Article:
Wednesday, May 13, 2009

Covering Autism Therapies: the ongoing process in Michigan

We've had a minor break though in Michigan regarding health insurance and covering the various expensive therapies for autism. Up until Monday, most health insurance companies in our state declined to pay for therapies such as Applied Behavioral Analysis (ABA) or Play Therapy.

Finally, according to this Detroit News article, Blue Cross Blue Shield is going to start paying for ABA for children between the ages of 2-5. This is great news for parents of young children as early intervention is found to be beneficial for most individuals. This is not so great news for everyone else who has children with autism older than the age of five.

As you will see if you click on the link above, the insurance company is under the threat of being sued. A seven-year-old autistic child's dad, Christopher Johns, filed suit in federal court in May 2008. According to the article he filed the law suit on behalf of "the more than 7,000 children" in Michigan who have autism.

One of the reasons insurance companies have declined to pay is because "long-term studies on autism educational therapies have been inconclusive and the treatments are experimental." Another reason is that although my state lawmakers are working on it, Michigan is not yet amongst the ten or eleven states in the U.S. where state law mandates coverage for therapies that parents seek out for their children with autism spectrum disorder.

I find it ironic that autism is classified as a health issue in the United States, yet it seems to be the school systems that help people the most. Unfortunately, even schools are limited in the amount of services they can provide due to budget restraints. Often, the special education division does not start the Individualized Educational Plan (IEP) process until a diagnosis is issued from a physician.

This is a concern because physicians, especially general family practitioners, are still learning how to spot the symptoms of ASD. Sometimes, as in the case with my child, autism isn't diagnosed until the age of six. This may mean a missed opportunity for early intervention, and, now, coverage from insurance companies.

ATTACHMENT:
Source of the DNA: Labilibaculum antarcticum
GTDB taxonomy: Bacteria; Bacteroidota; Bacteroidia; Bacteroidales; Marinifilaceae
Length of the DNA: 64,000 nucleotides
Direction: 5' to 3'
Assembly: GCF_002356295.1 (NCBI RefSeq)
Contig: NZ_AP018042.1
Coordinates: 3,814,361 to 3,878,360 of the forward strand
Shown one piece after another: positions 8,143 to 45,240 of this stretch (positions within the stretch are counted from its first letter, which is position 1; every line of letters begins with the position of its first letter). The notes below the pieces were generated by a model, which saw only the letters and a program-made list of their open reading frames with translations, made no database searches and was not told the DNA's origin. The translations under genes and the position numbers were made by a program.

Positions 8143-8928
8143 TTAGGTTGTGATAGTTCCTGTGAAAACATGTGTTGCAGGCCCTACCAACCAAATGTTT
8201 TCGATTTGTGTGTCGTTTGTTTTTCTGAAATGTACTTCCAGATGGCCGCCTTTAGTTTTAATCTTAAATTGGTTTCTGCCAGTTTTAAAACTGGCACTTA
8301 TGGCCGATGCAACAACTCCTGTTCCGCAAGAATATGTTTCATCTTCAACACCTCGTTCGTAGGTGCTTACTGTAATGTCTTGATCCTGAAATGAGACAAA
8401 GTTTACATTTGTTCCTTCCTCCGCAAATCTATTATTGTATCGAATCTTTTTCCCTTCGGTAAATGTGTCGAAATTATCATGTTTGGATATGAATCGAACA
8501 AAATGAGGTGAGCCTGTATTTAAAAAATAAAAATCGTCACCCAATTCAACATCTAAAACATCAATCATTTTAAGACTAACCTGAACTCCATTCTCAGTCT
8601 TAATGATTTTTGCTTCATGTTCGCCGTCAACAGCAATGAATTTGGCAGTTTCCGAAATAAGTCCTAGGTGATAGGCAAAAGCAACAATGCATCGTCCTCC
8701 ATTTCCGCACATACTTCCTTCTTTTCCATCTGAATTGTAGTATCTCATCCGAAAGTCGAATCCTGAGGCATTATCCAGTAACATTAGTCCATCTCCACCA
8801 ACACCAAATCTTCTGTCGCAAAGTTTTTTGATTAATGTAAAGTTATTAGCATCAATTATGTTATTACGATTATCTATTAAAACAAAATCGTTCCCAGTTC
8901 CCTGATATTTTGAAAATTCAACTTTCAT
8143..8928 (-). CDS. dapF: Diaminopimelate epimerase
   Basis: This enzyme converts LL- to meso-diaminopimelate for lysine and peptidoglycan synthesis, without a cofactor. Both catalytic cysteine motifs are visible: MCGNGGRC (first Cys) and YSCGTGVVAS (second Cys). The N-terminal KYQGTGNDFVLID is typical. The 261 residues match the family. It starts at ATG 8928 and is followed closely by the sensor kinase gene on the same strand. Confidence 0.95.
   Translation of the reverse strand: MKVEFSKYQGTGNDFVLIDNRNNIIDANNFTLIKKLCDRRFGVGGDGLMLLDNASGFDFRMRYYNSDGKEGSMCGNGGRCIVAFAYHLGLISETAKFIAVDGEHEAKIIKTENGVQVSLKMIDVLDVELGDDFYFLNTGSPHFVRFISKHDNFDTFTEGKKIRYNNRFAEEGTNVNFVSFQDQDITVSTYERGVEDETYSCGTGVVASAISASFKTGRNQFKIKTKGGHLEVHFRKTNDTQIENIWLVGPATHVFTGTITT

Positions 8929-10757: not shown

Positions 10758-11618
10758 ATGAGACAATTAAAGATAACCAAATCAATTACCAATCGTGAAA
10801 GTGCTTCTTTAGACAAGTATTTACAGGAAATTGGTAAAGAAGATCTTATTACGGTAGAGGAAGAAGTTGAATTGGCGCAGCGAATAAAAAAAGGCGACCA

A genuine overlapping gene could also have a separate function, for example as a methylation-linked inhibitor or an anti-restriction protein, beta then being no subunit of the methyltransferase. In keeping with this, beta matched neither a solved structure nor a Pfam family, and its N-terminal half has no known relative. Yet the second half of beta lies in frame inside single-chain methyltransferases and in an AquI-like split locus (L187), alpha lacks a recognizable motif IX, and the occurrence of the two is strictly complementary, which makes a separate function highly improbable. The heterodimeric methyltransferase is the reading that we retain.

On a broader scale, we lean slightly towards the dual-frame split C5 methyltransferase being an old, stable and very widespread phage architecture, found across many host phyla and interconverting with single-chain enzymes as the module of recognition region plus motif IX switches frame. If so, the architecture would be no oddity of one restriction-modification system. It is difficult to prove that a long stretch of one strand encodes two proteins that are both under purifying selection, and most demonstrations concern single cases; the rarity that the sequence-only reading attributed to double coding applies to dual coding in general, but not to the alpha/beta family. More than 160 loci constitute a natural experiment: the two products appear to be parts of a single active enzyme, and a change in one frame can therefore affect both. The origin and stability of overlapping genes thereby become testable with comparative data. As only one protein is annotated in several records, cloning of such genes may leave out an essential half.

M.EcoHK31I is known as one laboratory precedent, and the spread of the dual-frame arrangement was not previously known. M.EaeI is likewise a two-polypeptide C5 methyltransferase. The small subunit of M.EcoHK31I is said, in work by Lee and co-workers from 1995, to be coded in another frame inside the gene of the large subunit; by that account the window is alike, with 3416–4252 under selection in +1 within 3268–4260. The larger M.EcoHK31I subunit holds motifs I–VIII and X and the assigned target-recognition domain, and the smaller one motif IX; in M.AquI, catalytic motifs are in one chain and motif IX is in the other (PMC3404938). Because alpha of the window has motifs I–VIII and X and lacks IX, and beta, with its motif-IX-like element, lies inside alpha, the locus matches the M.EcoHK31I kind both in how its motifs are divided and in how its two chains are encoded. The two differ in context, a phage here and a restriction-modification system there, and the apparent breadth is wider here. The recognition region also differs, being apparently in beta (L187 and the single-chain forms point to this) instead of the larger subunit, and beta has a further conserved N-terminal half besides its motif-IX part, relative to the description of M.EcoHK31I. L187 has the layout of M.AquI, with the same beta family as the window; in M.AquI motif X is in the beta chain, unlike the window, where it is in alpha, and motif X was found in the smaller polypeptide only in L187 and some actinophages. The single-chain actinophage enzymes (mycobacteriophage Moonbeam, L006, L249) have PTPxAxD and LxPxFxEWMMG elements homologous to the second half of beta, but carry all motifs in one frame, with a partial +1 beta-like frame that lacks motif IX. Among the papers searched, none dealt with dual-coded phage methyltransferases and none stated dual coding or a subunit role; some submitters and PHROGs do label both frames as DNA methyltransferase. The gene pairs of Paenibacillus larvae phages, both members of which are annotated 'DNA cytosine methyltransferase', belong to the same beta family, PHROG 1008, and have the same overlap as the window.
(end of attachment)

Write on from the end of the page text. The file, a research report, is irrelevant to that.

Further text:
So you see, it may be awhile before people with ASD in Michigan have access to the (often very expensive) services that may help them. There could be years of fighting before things start to improve. I will be watching the lawsuit while also monitoring the progress of state lawmakers in Michigan while they contemplate passing legislation that will be helpful to this cause. I'm not holding my breath just yet...

5 comments:

Cassavaugh Family said...

WOW thanks for the insight. I had no clue. It is good to be in the know. It will be interesting to see what comes of the lawsuit. I agree about physicians and their ability to recognize. We have been asking pediatricians in both IL and MI for almost 4 years now about things we thought weren't quite right. All I got was the "he's too young to label" or "you are just overly concerned". I'm so glad so much is happening to bring greater awareness.

mommy~dearest said...

I totally agree. It is the schools that help the most, and they're even limited. My son can't get OT because he doesn't have significant fine/gross motor issues. He DOES have some pretty intense sensory issues, but OT is not approved for anything but a consult for sensory diet in Michigan schools. Lovely.

*My word verification is "worse". OMG, too funny. Hopefully, it won't get any!*

LegoGuy64 said...

This site is intelligent and gives me the feeling that the folks here really care about the public.

In addition, I wanted to test to see if this site will honor my input.

Once I have that information, I'd like to be an active contributor and supporter of what you are doing.

Dr. Moore

Julie L. said...

To the Cassavaugh family: You are welcome for the insight.

To mommy-dearest: Oh, I hope nothing gets worse for you as I know everyone in your family has been sick! I've gotten some pretty funny verification words too, although nothing comes to mind at the moment.

It's unfortunate your son is not approved for more than a consult from OT.

Thanks Dr. Moore. Yes, I do care about the public and also value input. Your contributions will be appreciated here.

Morgan said...

No long-term data? Have they heard of Lovaas? Okay, now I'm on my soapbox.

I do want to point out an error. From what I know, the physician's diagnosis doesn't mean much in the schools. A child has to be diagnosed with autism by the school (the autism team here) in order for the diagnosis to be recognized. What gets me is that it takes so long! They started doing observations on this preschooler last year, and are still doing them! I could tell you in five minutes that he meets criteria. Okay, I'd better get some sleep and calm down.